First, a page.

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Sexual Double Standards

The Bias Against Understanding the Biological Foundations of Women's Behavior
[5.24.18]

We don’t know enough about important issues that impact women. We don’t know enough about potential side effects of using hormonal contraception. There’s a lot of speculation about it, but most of that speculation is problematic. If you eliminate women’s hormone cycles, what are the implications? That’s an important question. We still don’t know enough about hormone supplements for women later in life. We don’t even know enough about fertility. The data are also problematic. The data on fertility in women’s third, fourth, fifth decades of life are based on ancient records, 200 years old. The statistics that doctors will cite when they are telling women whether they need to see a fertility specialist or not are from a period before modern medicine was really in place, which is outrageous. More recognition of the biological influences on women’s behavior is going to awaken these areas of research, and that will have a positive impact.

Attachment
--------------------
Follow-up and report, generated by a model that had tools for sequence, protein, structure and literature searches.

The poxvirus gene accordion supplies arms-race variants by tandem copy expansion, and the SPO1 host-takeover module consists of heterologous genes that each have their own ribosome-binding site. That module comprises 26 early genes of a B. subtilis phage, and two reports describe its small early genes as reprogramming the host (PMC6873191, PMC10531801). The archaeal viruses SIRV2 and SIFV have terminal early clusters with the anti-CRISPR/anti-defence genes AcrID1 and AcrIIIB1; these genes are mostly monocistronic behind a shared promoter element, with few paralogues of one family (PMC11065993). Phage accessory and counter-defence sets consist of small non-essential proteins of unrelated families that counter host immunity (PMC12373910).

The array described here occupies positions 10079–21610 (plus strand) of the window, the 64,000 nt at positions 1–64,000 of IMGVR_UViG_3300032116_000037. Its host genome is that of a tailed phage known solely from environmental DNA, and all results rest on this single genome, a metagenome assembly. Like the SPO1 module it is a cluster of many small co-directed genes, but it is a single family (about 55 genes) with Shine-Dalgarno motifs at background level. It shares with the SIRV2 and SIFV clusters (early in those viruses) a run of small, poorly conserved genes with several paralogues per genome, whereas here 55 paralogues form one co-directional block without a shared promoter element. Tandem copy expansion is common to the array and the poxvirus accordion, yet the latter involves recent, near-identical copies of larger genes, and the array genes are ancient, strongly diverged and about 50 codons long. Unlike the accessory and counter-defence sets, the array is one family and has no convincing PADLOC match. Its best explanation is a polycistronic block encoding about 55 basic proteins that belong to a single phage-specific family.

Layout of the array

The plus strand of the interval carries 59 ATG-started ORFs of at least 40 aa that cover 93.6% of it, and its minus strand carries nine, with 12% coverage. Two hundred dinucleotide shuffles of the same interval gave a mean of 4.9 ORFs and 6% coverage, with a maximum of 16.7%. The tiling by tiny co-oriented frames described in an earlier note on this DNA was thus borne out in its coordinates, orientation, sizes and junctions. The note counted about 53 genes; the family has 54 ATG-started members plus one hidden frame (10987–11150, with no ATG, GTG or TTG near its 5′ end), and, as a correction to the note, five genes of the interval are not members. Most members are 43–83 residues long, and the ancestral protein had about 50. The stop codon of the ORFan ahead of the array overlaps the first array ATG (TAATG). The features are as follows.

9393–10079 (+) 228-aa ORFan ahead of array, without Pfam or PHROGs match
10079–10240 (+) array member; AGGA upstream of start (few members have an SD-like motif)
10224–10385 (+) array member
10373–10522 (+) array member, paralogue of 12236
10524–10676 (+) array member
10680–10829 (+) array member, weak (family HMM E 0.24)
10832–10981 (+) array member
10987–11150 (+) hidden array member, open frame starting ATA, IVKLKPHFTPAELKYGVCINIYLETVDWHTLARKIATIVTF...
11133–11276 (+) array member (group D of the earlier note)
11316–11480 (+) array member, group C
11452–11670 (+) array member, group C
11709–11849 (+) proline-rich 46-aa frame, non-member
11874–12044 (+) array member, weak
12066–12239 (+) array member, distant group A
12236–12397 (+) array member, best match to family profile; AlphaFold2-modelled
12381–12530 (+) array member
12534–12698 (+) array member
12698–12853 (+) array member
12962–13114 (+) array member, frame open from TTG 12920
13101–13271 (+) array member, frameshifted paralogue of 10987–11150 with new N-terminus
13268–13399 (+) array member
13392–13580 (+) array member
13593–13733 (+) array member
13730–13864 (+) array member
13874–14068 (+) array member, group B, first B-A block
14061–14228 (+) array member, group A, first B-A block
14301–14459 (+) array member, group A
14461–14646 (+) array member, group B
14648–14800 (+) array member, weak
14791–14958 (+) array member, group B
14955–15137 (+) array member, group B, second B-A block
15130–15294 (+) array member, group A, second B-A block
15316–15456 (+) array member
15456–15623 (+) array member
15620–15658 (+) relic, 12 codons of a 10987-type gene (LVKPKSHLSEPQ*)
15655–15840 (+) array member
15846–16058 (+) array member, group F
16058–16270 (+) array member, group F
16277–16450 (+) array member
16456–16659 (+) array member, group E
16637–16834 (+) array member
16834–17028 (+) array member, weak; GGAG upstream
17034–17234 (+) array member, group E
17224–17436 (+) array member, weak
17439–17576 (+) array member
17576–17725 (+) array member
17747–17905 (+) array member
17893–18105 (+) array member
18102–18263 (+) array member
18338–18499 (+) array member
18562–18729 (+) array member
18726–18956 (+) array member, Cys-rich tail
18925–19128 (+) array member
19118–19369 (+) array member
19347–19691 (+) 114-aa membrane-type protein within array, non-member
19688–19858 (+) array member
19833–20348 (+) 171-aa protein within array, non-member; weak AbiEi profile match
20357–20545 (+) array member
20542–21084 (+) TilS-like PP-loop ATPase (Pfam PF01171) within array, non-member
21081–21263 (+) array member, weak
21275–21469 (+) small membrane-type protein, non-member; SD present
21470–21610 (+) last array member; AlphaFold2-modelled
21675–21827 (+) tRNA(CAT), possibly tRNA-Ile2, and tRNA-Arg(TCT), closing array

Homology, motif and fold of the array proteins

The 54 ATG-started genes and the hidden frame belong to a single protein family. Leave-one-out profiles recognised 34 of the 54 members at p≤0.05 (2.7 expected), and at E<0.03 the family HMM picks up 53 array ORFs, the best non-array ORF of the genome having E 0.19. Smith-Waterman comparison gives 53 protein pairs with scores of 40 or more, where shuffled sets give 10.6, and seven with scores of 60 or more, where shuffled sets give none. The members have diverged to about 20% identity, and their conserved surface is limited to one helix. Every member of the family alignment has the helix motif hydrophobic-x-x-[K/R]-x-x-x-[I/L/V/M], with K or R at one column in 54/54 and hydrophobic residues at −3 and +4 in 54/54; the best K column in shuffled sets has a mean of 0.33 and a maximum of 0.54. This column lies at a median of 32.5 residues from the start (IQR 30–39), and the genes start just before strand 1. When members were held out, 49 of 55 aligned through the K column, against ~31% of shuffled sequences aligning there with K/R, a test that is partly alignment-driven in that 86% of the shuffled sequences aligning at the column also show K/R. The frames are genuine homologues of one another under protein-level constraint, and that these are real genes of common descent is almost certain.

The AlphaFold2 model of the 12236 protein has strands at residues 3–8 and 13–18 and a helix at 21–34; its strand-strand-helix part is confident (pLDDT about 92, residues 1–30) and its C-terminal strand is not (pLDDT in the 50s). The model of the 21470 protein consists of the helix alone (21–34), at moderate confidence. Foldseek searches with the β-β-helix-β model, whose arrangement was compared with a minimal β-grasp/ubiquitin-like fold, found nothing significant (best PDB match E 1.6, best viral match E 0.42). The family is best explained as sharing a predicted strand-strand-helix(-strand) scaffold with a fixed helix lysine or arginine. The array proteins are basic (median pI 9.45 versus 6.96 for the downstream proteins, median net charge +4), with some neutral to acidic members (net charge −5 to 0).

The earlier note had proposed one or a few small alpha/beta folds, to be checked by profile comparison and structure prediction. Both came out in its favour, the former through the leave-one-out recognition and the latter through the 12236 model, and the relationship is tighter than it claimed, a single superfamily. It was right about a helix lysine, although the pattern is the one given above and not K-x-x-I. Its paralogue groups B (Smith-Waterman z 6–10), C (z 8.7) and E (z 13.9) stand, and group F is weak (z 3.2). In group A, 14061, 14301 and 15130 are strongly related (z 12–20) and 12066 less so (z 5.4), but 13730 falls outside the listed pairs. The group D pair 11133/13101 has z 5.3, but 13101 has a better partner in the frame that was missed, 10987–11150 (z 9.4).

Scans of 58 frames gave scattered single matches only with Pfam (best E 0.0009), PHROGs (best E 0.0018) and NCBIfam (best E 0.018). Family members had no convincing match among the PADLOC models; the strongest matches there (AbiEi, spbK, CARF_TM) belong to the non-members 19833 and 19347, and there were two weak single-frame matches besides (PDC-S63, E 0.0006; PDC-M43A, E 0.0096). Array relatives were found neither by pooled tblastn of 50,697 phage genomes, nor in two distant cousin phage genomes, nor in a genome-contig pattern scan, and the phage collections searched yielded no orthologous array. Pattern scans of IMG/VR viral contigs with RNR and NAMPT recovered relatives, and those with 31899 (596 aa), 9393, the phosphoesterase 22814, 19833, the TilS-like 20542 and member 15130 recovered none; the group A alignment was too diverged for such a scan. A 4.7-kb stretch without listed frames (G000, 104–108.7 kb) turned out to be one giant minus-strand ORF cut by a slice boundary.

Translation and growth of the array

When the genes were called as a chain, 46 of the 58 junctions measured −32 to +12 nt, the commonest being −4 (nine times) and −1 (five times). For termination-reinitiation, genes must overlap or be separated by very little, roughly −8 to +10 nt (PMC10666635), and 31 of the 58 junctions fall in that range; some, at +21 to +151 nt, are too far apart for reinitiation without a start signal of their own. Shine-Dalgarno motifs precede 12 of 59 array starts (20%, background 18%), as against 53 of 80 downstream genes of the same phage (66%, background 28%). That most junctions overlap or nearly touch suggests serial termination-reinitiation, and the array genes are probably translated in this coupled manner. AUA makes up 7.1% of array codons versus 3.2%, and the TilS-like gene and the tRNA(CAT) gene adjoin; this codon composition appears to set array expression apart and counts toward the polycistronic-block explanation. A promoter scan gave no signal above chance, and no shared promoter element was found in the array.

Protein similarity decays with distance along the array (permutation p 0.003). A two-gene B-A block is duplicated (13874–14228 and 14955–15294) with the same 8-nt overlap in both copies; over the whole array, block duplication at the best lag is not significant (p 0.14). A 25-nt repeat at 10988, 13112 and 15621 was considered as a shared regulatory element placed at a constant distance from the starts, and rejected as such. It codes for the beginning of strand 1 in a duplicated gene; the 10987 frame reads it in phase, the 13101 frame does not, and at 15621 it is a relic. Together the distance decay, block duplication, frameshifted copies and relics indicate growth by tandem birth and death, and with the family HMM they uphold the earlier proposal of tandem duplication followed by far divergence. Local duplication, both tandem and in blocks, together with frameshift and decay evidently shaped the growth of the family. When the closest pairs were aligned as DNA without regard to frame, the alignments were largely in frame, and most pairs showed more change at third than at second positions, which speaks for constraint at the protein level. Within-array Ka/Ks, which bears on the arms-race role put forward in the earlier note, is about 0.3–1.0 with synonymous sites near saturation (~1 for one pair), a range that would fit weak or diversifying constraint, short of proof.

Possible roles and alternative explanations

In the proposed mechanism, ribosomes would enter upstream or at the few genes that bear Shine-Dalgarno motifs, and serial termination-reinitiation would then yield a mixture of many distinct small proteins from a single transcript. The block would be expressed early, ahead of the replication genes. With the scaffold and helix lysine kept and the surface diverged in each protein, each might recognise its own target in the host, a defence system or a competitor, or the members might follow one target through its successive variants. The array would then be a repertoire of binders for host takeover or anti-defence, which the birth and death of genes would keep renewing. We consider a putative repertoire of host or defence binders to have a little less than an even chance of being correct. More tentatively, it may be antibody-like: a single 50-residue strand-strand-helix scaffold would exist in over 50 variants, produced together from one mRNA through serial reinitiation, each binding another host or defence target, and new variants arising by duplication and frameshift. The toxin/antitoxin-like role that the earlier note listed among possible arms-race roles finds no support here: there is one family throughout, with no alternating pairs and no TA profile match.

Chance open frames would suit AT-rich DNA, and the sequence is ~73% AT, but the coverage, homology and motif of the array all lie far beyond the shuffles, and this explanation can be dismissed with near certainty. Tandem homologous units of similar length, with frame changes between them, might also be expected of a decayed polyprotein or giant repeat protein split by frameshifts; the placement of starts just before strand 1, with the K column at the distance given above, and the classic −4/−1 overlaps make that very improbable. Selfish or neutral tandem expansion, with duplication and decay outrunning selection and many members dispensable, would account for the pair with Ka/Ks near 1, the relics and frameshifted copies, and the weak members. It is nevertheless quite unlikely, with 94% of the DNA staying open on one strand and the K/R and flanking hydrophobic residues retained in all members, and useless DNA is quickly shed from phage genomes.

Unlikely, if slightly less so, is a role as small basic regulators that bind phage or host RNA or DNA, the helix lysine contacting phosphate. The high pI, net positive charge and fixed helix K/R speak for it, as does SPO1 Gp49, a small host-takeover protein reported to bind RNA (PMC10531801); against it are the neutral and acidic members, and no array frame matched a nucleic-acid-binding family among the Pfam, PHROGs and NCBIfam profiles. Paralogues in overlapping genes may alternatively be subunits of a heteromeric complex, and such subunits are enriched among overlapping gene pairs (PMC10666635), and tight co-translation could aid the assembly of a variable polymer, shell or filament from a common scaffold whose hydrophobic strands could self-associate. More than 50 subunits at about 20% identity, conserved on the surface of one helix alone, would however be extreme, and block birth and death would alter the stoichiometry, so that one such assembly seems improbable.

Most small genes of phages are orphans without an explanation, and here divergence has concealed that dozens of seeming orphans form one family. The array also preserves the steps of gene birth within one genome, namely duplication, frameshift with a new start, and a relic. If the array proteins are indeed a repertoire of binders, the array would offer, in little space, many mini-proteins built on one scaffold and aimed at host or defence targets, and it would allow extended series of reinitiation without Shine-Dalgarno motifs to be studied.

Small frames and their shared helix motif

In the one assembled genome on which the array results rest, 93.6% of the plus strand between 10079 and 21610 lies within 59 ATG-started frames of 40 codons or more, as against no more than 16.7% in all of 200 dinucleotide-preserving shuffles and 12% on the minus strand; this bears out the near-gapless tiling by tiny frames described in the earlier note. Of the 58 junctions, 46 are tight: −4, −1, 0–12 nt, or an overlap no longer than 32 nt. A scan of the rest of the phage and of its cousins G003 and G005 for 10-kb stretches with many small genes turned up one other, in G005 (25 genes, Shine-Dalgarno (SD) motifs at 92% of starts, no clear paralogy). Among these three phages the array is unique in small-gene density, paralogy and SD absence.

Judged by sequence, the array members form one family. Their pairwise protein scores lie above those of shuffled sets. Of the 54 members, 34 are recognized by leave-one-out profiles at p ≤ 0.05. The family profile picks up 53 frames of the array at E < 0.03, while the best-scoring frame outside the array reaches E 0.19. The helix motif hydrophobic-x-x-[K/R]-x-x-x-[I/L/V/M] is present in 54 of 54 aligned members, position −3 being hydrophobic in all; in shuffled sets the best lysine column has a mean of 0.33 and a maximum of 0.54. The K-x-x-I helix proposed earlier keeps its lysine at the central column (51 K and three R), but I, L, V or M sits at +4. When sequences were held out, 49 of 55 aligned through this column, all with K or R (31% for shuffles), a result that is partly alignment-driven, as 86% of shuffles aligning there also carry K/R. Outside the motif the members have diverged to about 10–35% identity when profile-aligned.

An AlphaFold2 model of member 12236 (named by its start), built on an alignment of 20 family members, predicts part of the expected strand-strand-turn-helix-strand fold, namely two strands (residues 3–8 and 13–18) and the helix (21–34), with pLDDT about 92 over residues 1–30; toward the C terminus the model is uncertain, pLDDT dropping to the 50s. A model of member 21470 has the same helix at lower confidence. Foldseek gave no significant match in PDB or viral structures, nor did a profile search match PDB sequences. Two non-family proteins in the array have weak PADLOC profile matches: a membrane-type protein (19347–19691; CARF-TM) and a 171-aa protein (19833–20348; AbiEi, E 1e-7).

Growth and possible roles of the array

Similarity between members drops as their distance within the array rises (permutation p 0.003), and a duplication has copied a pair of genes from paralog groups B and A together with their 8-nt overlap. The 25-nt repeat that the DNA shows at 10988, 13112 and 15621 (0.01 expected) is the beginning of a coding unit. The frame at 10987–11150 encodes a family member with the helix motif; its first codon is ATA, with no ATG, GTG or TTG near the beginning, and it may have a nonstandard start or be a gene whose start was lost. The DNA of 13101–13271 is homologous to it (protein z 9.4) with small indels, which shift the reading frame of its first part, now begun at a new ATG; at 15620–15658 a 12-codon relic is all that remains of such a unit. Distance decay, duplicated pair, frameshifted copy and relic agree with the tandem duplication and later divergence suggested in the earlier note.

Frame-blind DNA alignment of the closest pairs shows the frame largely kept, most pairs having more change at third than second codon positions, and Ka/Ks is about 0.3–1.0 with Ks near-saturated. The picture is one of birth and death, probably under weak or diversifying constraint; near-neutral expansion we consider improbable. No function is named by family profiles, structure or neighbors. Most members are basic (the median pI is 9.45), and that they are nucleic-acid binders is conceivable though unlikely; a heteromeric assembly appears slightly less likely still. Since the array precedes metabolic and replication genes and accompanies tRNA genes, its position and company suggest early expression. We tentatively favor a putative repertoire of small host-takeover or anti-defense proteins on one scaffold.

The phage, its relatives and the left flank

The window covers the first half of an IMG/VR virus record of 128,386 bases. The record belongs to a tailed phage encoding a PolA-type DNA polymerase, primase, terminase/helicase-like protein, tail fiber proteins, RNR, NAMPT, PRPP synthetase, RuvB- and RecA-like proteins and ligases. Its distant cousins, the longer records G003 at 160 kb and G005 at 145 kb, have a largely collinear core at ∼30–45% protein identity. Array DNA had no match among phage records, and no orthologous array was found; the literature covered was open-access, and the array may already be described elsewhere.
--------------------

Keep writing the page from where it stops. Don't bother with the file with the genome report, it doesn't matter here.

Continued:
MARTIE HASELTON is a professor of psychology and communication studies at the Institute for Society and Genetics and UCLA. She is the author of Hormonal: The Hidden Intelligence of Hormones—How They Drive Desire, Shape Relationships, Influence Our Choices, and Make Us WiserMartie Haselton's Edge Bio

 


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The Space of Possible Minds

[5.18.18]

Aaron Sloman, the British philosopher, has this great phrase: the space of possible minds. The idea is that the space of possible minds encompasses not only the biological minds that have arisen on this earth, but also extraterrestrial intelligence, and whatever forms of biological or evolved intelligence are possible but have never occurred, and artificial intelligence in the whole range of possible ways we might build AI.